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Free Content On Fisher's exact test for detecting gametic disequilibrium between DNA polymorphisms

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Nonrandom associations between DNA polymorphisms are commonly tested by Fisher's exact test in spite of it is seriously conservative. Theoretical statistical studies have shown that the exact test with Tocher's correction does not present this problem but Tocher's correction is never used by experimentalists for detecting gametic associations. We have examined the practical consequences of using these two alternative tests for the detection of nonrandom associations in populations. A total of 1566 pairs of RFLPs of eleven gene regions and sixteen populations from previously published human and Drosophila disequilibrium data were examined. The analysis reveals remarkable differences between the two tests for detecting gametic associations. In some gene regions, the exact test with Tocher's correction detects a percentage of significant associations between RFLPS which is twice or three times higher than that detected by the exact test without correction. Therefore, the widely used exact test can be seriously underestimating disequilibrium in populations. In addition, the study shows that the standard chi-square test for independence in 2 × 2 tables detects a similar percentage of significant associations between RFLPs than Tocher's test.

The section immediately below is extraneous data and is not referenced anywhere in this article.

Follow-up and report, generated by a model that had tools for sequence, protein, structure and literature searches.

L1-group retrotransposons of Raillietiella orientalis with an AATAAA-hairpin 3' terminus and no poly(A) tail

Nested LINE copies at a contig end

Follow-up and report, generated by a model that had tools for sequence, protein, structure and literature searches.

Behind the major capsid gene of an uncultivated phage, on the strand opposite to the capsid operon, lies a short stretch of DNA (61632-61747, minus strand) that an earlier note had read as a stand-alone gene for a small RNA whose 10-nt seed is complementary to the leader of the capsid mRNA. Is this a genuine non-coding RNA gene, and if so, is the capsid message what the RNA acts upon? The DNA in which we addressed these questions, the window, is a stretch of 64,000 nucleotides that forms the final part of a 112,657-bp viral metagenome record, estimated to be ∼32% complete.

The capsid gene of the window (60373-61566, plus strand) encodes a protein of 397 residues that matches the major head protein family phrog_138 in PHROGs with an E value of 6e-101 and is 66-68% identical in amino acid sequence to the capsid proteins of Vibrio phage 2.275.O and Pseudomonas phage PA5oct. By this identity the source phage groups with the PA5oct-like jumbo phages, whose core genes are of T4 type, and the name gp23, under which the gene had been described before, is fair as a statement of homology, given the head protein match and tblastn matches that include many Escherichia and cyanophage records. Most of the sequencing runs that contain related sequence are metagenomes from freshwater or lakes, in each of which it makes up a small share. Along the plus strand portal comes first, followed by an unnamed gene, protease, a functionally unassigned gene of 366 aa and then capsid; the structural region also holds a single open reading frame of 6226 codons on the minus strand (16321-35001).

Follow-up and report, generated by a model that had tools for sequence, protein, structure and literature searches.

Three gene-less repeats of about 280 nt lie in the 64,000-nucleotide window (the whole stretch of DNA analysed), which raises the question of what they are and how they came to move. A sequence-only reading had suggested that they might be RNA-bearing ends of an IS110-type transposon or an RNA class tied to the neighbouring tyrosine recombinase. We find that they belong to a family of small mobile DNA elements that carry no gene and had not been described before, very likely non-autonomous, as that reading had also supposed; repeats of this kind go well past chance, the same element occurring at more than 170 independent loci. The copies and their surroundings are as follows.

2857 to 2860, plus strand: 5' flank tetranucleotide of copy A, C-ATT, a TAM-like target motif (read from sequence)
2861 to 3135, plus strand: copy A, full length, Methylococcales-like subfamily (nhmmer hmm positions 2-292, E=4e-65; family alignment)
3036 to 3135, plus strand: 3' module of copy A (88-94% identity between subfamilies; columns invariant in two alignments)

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Document Type: Research Article

Affiliations: Departamento de Biología Fundamental, Universidad de Santiago, Santiago de Compostela, Spain

Publication date: January 1, 1997

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